Juneau protesters rally in support of abortion access

Rallies took place across the country Tuesday as abortion rights supporters spoke out against the recent passage of more restrictive legislation in a handful of states.

In Juneau, protesters said they’re prepared to fight for their right to choose.

When Cate Ross found out she was pregnant several years ago, she knew she wasn’t ready.

She visited Juneau’s Planned Parenthood and, after weighing her options, decided to have an abortion.

Addressing a crowd of more than 300 people gathered outside the Alaska State Capitol on Tuesday, Ross said she was lucky. She’s white, middle-class and had a supportive partner at the time.

“If I did not have a choice two summers ago, I would have felt lost, instead of empowered,” she told the crowd.

Cate Ross speaks to a reporter after a rally for abortion rights in front of the Capitol on May 21, 2019. (Photo by David Purdy/KTOO)

Today Ross has a 1-year-old daughter. She said after the rally that she wants to speak openly about her experience.

“I have the privilege to be able to do that and not face negative consequences,” Ross said. “So I want to be a voice, to use my privilege to speak out in ways that maybe other people can’t.”

Ross and other speakers Tuesday said they’re concerned by what they see as a growing trend of restricting not only abortion, but reproductive health care access across the country.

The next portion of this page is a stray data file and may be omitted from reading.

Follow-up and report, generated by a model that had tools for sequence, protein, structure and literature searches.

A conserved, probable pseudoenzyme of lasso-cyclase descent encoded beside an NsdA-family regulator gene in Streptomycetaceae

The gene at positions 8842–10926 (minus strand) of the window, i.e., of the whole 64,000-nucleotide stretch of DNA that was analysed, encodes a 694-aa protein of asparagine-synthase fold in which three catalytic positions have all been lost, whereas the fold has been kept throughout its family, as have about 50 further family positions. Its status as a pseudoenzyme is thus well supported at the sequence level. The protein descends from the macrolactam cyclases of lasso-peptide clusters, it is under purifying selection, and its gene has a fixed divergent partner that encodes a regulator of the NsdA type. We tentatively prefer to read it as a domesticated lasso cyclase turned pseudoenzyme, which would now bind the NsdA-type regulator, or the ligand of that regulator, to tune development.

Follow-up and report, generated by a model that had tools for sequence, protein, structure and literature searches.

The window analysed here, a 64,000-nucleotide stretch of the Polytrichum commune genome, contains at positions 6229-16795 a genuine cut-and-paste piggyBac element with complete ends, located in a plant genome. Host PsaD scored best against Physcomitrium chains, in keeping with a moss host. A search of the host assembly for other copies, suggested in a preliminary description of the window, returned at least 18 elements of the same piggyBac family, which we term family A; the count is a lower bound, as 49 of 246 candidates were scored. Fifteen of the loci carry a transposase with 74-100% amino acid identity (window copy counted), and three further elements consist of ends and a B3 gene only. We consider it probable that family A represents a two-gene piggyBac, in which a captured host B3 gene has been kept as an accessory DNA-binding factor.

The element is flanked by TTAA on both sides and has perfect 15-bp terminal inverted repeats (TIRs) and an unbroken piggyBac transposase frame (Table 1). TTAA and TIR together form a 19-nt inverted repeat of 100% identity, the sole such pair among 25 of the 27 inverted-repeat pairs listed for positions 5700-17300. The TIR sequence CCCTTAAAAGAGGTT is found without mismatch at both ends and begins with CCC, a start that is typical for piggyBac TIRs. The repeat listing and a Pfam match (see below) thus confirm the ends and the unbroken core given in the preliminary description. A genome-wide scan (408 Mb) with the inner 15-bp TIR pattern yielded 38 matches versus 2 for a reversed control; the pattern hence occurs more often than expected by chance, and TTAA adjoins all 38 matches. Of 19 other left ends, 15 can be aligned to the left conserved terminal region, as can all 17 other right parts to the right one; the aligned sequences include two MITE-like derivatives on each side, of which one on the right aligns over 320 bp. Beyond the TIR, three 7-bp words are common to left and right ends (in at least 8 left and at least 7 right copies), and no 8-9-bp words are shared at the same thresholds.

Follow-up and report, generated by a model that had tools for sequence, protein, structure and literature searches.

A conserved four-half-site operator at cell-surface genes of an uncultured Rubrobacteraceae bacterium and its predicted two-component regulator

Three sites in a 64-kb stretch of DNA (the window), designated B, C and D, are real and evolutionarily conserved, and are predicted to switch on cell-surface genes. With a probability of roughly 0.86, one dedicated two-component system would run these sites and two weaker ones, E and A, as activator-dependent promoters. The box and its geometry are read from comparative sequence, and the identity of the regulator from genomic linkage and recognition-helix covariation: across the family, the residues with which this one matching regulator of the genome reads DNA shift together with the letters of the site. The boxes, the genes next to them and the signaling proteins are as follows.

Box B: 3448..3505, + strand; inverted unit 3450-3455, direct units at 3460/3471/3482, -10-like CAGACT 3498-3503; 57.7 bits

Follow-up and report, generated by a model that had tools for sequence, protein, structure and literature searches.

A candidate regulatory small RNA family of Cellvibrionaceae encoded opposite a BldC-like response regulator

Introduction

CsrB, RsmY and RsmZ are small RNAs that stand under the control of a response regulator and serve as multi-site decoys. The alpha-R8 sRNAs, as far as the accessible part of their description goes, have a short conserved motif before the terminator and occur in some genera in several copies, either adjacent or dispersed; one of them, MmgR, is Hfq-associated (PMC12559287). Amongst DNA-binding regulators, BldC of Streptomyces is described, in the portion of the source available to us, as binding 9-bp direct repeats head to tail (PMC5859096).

Even though abortion is currently legal nationally, recent legislation passed in Alabama and elsewhere has raised alarms among pro-choice advocates about a new wave of restrictions

Here in Alaska, Wasilla Republican Rep. David Eastman introduced House Bill 178 on the last day of the regular legislative session. The bill would effectively outlaw abortion.

There’s no plan to address it during the current special session, but it’s one of the reasons Ross and other protesters came out.

A small counterprotest at the rally for abortion rights in front of the Capitol on May 21, 2019. (Photo by David Purdy/KTOO)

“Obviously, I’m concerned about what’s happening in Alaska because I live in Alaska, but it’s not isolated here,” Ross said. “It’s a nationwide trend with more and more states trying to pass bills like this, and as such it needs to be a nationwide movement.”

A number of Democratic legislators joined the rally. Juneau Democratic Rep. Sara Hannan spoke as well.

Sporting a pin that read, “Don’t like abortions? Don’t have one,” Hannan said even though she doesn’t expect Eastman’s bill to make it far, she and other female legislators are tired of fighting these restrictions.

“This is assumed law for 47 years, so why are we spending time and energy to try and undo it?” Hannan asked.

A small handful of counter protesters stood silently apart from the crowd.

Juneau resident Tyler Riberio held a sign reading “It’s a life, it’s a person, let’s protect them together.”

He said he thinks abortion is not a safe choice for women, but he’s not familiar with Eastman’s bill.

Similar rallies took place in Soldotna and Fairbanks.

A rally in Homer is planned for Saturday.

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